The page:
D4D

An example of the unreasonable man who makes all the progress

Archive for the category “Art”

Saturday – Chris Ofili, Weaving Magic

Following on from seeing the Giacometti and Soul of A Nation exhibitions, my final visit was to the National Gallery, to see “Weaving Magic” by Chris Ofili.

A friend of mine had seen this and really liked it, hence why I wanted to see it.

It’s a fantastic tapestry – designed by Ofili, and then handwoven by Dovecot Tapestry Studio, and based on “I know why the caged bird sings“, by Maya Angelou. It’s also been staged and displayed really well, in a room of its own, which has also been decorated by Ofili.

So you end up with a room covered in murals like this

And then the tapestry itself, the only thing of colour in the room

It’s well worth seeing – if you get the chance to go before the end of August, I’d recommend it. Even better, it’s free to go in and see it, which is… noteworthy, in the current climate.

Saturday – Soul of A Nation

While I was in Tate Modern on Saturday, I also went to see the “Soul Of A Nation” exhibition, which is about Black Art during the Civil Rights movement.  It’s not one I was really planning on seeing, and more of an impulse “Oh, why not” thing, but it was still interesting.

The Civil Rights movement happened in the US before I was born – not by much, but obviously by enough.  I know the basics of it, but not a lot of the detail, and always feel I should know more about it.   It absolutely amazes me that it was all relatively recent, that it was all happening fifty years ago. In that context, it’s amazing how far we’ve come – although there’s still a long way to go.

Anyway, it was an interesting exhibition – although there was a significant amount of (in my opinion) shite stuff, there was also enough to make it worth having gone in.  I also got to learn about AfriCOBRA, the African Commune of Bad Relevant Artists – most of which was admittedly bad, but still, made me laugh just for its honesty.

One of the other things I found interesting (and slightly sad) was that in an exhibition so deeply connected to Black Art, African-American History and Civil Rights, every single person viewing it was white.  There was a quote on one wall, the gist of which was that Visual Arts were the biggest bastion of White Male artists, and the exhibition visitors certainly helped to reinforce tbat.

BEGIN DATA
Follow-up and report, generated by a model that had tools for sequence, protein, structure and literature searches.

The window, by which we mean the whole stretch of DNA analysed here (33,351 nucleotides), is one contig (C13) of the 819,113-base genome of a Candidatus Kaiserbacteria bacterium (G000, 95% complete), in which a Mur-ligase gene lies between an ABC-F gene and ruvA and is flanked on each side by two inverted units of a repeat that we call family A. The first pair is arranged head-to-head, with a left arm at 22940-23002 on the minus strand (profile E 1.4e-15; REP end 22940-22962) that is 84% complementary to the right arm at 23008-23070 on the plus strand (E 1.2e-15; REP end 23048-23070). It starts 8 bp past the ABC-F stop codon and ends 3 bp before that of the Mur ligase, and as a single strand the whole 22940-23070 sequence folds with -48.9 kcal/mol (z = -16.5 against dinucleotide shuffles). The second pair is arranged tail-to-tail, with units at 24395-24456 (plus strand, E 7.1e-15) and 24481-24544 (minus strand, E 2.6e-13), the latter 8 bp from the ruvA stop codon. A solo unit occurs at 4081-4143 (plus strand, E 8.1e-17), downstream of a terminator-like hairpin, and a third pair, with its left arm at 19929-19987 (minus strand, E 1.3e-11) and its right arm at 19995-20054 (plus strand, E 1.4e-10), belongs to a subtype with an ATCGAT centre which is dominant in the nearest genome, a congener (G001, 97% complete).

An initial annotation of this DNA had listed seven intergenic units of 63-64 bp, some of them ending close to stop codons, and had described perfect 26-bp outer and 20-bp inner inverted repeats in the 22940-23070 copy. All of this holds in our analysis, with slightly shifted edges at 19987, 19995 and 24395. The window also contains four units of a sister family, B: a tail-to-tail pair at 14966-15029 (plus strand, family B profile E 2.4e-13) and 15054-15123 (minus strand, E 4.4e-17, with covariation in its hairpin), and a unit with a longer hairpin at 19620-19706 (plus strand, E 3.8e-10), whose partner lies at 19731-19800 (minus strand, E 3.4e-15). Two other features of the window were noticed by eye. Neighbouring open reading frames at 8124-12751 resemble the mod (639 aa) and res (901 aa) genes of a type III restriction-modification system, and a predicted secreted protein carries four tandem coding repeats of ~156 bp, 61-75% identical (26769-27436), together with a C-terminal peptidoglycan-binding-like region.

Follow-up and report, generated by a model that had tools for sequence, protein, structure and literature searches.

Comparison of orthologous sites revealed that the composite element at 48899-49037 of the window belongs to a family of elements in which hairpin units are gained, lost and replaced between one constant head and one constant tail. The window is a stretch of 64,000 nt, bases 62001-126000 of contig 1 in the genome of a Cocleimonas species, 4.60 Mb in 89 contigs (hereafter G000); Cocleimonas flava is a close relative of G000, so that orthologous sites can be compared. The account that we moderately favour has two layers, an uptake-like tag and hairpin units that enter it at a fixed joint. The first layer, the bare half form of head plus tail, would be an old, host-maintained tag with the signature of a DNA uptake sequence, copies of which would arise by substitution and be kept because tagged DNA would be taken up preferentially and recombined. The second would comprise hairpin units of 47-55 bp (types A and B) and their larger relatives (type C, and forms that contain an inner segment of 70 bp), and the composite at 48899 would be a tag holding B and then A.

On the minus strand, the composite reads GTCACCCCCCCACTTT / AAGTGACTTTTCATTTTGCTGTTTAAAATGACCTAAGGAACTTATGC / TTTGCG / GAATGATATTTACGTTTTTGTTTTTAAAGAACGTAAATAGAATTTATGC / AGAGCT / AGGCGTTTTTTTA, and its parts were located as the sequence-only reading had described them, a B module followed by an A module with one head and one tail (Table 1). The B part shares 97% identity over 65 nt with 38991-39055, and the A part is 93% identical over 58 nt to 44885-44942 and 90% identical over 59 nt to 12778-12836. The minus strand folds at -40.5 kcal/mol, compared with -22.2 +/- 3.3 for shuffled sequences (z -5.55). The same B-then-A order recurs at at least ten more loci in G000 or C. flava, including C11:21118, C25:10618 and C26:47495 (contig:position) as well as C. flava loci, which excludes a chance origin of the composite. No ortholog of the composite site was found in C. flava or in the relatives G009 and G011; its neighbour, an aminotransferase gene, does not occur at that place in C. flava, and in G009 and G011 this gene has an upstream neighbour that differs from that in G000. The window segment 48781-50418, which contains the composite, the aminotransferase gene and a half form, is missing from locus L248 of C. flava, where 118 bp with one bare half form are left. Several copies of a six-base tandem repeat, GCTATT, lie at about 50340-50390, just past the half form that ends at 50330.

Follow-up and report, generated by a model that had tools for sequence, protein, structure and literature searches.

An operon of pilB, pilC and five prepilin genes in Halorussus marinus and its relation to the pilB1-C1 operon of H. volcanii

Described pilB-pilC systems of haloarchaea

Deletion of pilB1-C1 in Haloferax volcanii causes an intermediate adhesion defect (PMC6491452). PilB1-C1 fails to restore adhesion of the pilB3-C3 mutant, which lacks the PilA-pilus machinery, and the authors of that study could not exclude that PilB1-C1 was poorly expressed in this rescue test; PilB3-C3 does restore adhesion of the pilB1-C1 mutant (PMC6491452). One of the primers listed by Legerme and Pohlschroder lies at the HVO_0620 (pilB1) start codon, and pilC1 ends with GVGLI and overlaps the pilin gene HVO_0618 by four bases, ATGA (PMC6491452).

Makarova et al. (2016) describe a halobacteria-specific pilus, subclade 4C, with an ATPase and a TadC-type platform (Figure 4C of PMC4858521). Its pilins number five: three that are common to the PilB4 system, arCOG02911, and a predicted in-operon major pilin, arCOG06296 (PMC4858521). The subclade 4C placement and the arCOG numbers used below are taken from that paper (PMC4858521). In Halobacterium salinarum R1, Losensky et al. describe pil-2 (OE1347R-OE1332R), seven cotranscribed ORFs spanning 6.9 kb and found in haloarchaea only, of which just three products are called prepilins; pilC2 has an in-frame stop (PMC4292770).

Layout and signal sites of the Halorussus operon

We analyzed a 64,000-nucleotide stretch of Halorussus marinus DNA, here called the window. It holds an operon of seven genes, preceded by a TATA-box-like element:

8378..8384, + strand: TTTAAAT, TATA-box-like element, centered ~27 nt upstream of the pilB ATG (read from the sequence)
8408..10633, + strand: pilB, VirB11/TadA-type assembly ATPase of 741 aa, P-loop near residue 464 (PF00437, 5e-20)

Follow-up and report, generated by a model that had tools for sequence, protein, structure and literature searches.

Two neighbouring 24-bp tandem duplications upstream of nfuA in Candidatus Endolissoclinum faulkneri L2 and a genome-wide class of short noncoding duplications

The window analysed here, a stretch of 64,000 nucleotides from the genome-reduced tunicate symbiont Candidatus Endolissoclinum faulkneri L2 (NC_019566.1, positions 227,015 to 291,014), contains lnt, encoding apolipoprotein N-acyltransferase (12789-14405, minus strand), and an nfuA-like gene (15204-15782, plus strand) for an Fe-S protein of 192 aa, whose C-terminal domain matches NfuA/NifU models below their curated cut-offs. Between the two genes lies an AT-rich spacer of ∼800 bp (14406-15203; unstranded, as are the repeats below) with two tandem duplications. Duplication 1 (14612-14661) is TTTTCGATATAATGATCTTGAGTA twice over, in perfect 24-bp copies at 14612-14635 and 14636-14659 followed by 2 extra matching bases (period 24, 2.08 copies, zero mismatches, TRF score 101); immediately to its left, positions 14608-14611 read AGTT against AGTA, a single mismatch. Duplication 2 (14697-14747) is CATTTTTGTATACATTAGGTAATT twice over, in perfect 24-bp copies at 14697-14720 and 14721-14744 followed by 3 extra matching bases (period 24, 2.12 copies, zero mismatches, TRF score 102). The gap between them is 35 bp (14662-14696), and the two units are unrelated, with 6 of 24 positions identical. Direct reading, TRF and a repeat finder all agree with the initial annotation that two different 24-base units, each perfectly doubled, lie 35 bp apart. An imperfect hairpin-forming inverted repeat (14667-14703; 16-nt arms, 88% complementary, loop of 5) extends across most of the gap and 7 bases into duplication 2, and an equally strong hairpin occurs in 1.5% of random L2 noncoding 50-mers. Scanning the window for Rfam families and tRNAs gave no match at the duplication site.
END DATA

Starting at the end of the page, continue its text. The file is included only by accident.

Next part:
All told, it was interesting enough. I don’t think I’d bother seeing it again, but I’m still glad I did get to see it.

Saturday – Giacometti

On Saturday, I went into London for a walk, and to visit a couple of exhibitions – which turned out to be three – as well as food and the like.  As there’s other stuff going on this week that I can’t be naffed to go into right now, I thought I’d write a bit about some thoughts related to the exhibitions. So that’s the plan.

The first one on the list was Tate Modern’s exhibition of works by Giacometti. Up ’til now, I’ve seen a few of his works, but not loads – and I’ve honestly never seen the appeal of them. They’re certainly distinctive, strange, and of note – but I certainly didn’t love them, and didn’t really get why he’s so well regarded.

Having seen the full exhibition, I still don’t love them, but I understand more of why he’s regarded. Oddly, his statues still do very little for me – I find them kind of odd, and kind of unsettling, but nothing more than that – and I certainly couldn’t sit and just look at one block of statues, as one person was doing. (He’d even brought along his own camping stool in order to do so, God love him)  However, I really liked some of the sketches, and some of his oil work that looked like it had been done in charcoal.

I think that in some ways I wasn’t convinced of Giacometti as being an actual artist – OK, he could do the sculptures, but that could’ve been just the one thing. Having seen the sketches, drawings, and paintings, I do realise that he’s a lot more of an artist than I’d thought, and a lot more talented.

That doesn’t make me like the sculptures and so on, and I still wouldn’t go from here to the bog to see another exhibition of his work, but all the same, I’m glad I did go.

 

Durham Lumiere 2015

Two years ago, I went with friends to see the Lumiere exhibition in Durham – which was ace.

This year, it was back, and so were we.

While it’s organised by the same people, and has some of the same artists, it was utterly different – and still brilliant. The weather this time was absolutely rotten – my coat still isn’t dry – but still it was great. The theme (if there really is one) was more about science and maths this time round, with the main ‘showpiece’ projection onto Durham Cathedral this time, “The World Machine” being more about the birth of modern cosmology from the 12th century until the present day.